Someone in my dorm had a theory that a college student could find enough free food to eat every meal for free. There is some truth to this overstatement. There is usually free food at least once a day somewhere on or near college campuses. You might have to sit through a play or lecture to get it, but you could always try to slip in at the end. Campus organizations know college students are broke and hungry, so they use food to lure students into their meetings. Which works out great as long as you can find those meetings. Keep your eyes and ears open. Look for signs on billboards, and listen in class for department goings-on. Then there are parties and dorm events, college fests, restaurant promos, and student coupons in the newspaper.
Kent State University also has a “food committee” that meets occasionally to evaluate the different food options students have. They also visit other campuses to try out their dining halls and on-campus restaurants. But the best part about the food committee is that if you put down $25 a semester, you get $25 every week to spend on campus food (in the form of a charged card). And all you have to do is fill out a review card for your meal. That covers lunch every week day, for only $25 a semester. What a deal! (I’m not sure how to join the food committee, and of course it’s pretty limited, but I’d be asking around the dining hall and residence life people if I were going to Kent).
Another good strategy is to get an job at a food place—whether it’s the dining hall, on-campus eateries, or near-campus cafeterias. When I worked at Starbucks we got a free drink and $5 for lunch at the Student Union eateries every day we worked. So that took care of lunches every day. Ask the student employees about the perks before you apply.
Your parents also assume you’re broke and hungry so they tend to invite you over for dinner and send you home with leftovers and groceries. (“I just happened to pick up two extra jars of peanut butter this week,” you mom says.) If your parents want to help you out, take it! Don’t be proud. But don’t be a beggar either: “Hey mom, what’s up with a haircut reimbursement?” I heard one college student ask. That’s just lame.
Speaking of haircuts, your best bet in college is to go with a hairstyle that doesn’t have to be trimmed often. This means long hair for girls, or very short hair for guys (unless they want to go long, too). For females, the longer your hair, the less often you have to get it cut. If you don’t have a short or angled style to maintain, you can go four to six months without a trim. That means you only have to pay twice a year. Keep your eyes open for sales or coupons for Best Cuts, Great Clips, and Famous Hair. Often their normal $10-12 prices will drop as cheap as $6.
For guys, get a cut you can trim yourself (like having no or very little hair), or do the hippie thing and let it grow. This last option is not recommended if you are interviewing for internships or jobs in a professional field, though.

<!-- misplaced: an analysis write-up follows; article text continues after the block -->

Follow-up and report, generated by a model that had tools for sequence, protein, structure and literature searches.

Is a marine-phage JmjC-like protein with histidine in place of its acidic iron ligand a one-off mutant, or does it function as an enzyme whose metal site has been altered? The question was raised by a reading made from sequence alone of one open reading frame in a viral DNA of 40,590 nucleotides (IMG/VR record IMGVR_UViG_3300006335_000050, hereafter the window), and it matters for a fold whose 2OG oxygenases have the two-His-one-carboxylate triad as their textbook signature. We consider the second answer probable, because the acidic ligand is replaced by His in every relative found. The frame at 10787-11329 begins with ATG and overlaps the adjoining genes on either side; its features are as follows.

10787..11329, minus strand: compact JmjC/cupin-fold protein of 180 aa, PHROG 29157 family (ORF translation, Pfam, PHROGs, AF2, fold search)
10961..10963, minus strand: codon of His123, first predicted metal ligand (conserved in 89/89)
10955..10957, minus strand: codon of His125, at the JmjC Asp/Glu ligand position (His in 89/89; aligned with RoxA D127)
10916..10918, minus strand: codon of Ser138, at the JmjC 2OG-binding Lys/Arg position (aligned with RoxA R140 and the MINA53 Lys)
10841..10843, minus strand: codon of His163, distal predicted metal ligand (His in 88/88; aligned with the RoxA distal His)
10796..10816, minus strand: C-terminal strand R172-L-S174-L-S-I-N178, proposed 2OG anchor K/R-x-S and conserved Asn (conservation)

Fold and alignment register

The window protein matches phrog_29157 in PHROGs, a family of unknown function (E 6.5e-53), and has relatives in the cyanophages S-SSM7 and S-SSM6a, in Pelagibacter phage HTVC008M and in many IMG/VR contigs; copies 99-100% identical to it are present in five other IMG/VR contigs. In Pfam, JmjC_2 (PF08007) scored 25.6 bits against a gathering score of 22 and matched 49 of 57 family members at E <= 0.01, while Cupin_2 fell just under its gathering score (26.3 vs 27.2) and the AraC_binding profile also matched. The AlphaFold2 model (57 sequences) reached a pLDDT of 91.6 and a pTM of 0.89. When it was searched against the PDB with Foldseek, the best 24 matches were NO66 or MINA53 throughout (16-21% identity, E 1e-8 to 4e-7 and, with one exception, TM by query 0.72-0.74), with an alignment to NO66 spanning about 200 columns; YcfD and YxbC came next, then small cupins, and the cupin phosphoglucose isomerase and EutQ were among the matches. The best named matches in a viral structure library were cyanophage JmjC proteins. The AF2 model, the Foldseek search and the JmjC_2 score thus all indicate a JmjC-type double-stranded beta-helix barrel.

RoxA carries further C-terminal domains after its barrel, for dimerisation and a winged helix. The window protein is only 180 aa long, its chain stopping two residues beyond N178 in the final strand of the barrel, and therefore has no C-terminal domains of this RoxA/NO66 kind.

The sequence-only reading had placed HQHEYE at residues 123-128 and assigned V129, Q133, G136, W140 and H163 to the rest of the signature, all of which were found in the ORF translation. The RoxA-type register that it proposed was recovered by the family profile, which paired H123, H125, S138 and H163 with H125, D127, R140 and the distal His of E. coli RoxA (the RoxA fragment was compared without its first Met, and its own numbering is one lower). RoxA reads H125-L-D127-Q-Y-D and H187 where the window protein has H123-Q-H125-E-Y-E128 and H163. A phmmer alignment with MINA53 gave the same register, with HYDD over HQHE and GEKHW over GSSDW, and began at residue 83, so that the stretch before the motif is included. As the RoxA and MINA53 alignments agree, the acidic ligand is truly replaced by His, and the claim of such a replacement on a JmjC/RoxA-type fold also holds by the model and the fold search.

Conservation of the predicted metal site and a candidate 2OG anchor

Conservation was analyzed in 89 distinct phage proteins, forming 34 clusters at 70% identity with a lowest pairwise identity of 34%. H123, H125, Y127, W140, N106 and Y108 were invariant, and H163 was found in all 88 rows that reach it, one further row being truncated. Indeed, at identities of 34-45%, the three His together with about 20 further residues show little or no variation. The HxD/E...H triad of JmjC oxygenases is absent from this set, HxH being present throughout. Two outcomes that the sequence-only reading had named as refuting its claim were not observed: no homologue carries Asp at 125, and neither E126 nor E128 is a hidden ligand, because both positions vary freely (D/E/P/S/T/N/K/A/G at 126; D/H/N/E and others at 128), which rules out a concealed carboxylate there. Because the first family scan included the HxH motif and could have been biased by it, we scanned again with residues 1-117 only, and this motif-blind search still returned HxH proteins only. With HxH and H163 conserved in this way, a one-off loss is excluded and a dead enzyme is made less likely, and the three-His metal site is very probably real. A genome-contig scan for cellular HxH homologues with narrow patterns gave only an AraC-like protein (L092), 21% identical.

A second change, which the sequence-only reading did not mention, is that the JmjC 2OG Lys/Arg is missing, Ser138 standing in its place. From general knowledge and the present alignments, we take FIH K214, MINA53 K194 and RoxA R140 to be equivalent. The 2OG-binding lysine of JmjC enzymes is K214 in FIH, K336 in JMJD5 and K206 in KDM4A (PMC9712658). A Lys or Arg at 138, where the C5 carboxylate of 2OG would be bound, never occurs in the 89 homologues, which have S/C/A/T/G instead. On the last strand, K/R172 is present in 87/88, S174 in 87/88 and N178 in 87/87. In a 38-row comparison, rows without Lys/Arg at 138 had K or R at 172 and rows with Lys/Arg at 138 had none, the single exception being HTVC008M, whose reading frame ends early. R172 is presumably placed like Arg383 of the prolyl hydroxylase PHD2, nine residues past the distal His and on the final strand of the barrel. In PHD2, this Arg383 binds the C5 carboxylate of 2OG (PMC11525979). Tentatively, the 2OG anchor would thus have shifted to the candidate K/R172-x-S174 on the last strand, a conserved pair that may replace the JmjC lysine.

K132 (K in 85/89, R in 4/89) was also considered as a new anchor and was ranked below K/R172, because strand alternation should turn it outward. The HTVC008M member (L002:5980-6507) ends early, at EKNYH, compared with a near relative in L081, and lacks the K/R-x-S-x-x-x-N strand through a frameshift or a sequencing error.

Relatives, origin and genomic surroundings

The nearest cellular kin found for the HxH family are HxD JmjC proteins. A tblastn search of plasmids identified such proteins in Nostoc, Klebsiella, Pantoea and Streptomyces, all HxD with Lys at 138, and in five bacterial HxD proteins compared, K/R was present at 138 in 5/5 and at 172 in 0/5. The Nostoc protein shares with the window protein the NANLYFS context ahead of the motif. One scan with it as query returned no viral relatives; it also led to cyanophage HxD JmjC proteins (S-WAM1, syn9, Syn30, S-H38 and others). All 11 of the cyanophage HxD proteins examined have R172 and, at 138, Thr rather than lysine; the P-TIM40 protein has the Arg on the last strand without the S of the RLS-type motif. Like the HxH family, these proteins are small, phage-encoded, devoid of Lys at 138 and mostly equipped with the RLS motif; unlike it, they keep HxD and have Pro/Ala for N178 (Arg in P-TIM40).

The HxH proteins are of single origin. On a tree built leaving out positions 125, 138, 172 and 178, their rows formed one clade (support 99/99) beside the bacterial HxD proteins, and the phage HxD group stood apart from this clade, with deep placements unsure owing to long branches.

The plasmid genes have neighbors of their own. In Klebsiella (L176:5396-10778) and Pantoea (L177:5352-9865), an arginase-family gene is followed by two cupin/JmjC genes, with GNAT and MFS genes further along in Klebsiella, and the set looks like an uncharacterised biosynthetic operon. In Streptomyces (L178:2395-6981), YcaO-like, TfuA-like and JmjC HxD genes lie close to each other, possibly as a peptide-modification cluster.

For girls, the cheapest route is to not dye or highlight your hair at all. Often highlights and dying require maintenance, which sends you back to the salon again and again. There is drug store hair dye which is much cheaper, but make sure you know what you’re doing, or get an experienced friend to help. Of course, you’re still going to have roots showing soon enough and it still costs money, so the cheapest is not to dye at all.
What you really want to find is a friend who is going to cosmetology school. They will be happy to practice on you, but not experienced enough to charge you. Of course there’s some risk involved with this strategy, but “it’ll grow back” offers some reassurance.
These tips hold for graduates, too, although if you’re a career woman or just have a job where you need to look professional, you might not be able to sport the long-locked scholar look. I remember getting my hair cut at J.C. Penney the week before I started student teaching. “I want to look older, more professional,” I told the nineteen-year-old stylist. I was twenty, and about to teach seniors. She gave me an awful high-school-girl hair cut. I cried. And then I had to buy a curling iron in order to make it look like I wasn’t fifteen. By the time I was actually teaching I pretty much gave up and went with simple: straight down or pulled back everyday.
It’s also cheapest not to have a car, but very annoying for other people who have to drive you around. See the car entry for tips and tricks. The biggest rule is not to get a new car or any significant car payment, especially while you’re in college. I’ve seen college students kill themselves trying to pay for a shiny new Honda, when there are plenty of rusty ones to be had for what you spent on Taco Bell last year. It’s never a great idea to have a car payment, especially a large one, but in college it’s a relational death wish. Between studying and working to pay your car loan, you’ll have no free time. So beware!